Molecular and General Genetics MGG

, Volume 247, Issue 6, pp 670–679

Sequencing and analysis of the gene encoding the α-toxin of Clostridium novyi proves its homology to toxins A and B of Clostridium difficile

  • Fred Hofmann
  • Andrea Herrmann
  • Ernst Habermann
  • Christoph von Eichel-Streiber
Original Paper

Abstract

A library of total Clostridium novyi DNA was established and screened for the α-toxin gene (tcnα) by hybridization with oligonucleotides derived from a partial N-terminal sequence and by using specific antisera. Overlapping subgenic tcnα fragments were isolated and subsequently the total sequence of tcnα was determined. The 6534 nucleotide open reading frame encodes a polypeptide of Mr 250 166 and pI 5.9. The N-terminal α-toxin (Tcnα) sequence MLITREQLMKIASIP determined by Edman degradation confirmed the identity of the reading frame and the assignment of the translation start point. The toxin is not modified posttranslationally at its N-terminus nor does it consist of different subunits. Overall the amino acid sequence shows 48% homology between the Tcnα and both toxins A (TcdA) and B (TcdB) of Clostridium difficile. The C-terminal 382 residues of Tcnα constitute a repetitive domain similar to those reported for TcdA and TcdB of C. difficile. The individual repeat motifs of these three toxins consist of oligopeptides some 19–52 amino acids in length, arranged in four to five different groups. Genetic, biochemical and pharmacological data thus confirm that the three toxins belong to one subgroup, designated large clostridial cytotoxins (LCT). Further definition of their structure and detailed molecular action should allow the LCTs to be used tools for the analysis of microfilament assembly and function.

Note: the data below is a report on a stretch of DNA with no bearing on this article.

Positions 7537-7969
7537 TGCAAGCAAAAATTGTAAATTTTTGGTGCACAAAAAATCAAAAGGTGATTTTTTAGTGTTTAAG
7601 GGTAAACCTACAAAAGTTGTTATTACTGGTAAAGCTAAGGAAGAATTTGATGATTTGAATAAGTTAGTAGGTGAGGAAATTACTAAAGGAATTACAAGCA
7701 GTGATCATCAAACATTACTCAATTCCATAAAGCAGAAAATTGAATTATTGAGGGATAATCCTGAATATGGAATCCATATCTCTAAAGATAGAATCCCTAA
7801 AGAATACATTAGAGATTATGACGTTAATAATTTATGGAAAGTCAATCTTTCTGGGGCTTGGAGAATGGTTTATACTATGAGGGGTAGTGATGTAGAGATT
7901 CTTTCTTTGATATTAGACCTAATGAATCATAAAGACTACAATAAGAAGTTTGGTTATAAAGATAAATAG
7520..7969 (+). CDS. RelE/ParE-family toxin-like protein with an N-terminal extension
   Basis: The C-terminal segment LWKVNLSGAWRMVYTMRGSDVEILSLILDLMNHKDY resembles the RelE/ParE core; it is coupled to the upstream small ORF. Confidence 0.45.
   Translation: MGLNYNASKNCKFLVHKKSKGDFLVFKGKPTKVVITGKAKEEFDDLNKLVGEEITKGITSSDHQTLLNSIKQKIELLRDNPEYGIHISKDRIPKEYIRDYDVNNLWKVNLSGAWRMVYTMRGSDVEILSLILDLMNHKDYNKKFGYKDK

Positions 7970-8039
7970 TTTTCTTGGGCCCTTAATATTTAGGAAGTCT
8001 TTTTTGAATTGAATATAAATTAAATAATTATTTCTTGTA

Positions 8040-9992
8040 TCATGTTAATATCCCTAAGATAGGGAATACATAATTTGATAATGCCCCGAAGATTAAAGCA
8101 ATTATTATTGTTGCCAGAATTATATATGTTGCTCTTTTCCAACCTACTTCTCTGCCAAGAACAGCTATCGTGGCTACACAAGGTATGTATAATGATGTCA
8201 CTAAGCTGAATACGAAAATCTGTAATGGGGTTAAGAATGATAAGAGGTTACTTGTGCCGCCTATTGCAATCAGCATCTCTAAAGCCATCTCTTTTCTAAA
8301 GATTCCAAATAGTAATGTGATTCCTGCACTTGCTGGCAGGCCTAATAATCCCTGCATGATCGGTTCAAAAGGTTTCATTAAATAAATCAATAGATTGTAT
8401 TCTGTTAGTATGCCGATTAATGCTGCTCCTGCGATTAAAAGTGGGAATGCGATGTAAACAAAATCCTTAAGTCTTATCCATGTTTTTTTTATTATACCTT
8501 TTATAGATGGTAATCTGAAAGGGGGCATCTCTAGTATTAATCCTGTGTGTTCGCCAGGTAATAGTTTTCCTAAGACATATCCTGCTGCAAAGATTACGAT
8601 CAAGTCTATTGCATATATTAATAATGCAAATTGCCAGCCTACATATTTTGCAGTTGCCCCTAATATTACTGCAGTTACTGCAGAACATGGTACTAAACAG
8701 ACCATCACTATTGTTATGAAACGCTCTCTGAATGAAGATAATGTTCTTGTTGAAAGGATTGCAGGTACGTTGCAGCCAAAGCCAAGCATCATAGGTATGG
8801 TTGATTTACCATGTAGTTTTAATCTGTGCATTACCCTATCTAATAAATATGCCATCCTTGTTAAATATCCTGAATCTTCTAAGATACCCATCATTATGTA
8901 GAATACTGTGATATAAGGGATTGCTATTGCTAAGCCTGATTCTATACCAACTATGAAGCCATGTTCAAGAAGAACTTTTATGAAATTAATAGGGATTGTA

Key words

Virulence factor Repetitive domain Large clostridial cytotoxins Cytoskeleton Rho 

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Copyright information

© Springer-Verlag 1995

Authors and Affiliations

  • Fred Hofmann
    • 1
  • Andrea Herrmann
    • 1
  • Ernst Habermann
    • 2
  • Christoph von Eichel-Streiber
    • 1
  1. 1.Verfügungsgebäude für Forschung und Entwicklung, Institut für Medizinische Mikrobiologie und HygieneJohannes Gutenberg -Universität MainzMainzGermany
  2. 2.Klinische PharmakologieJustus Liebig Universität GießenGießenGermany

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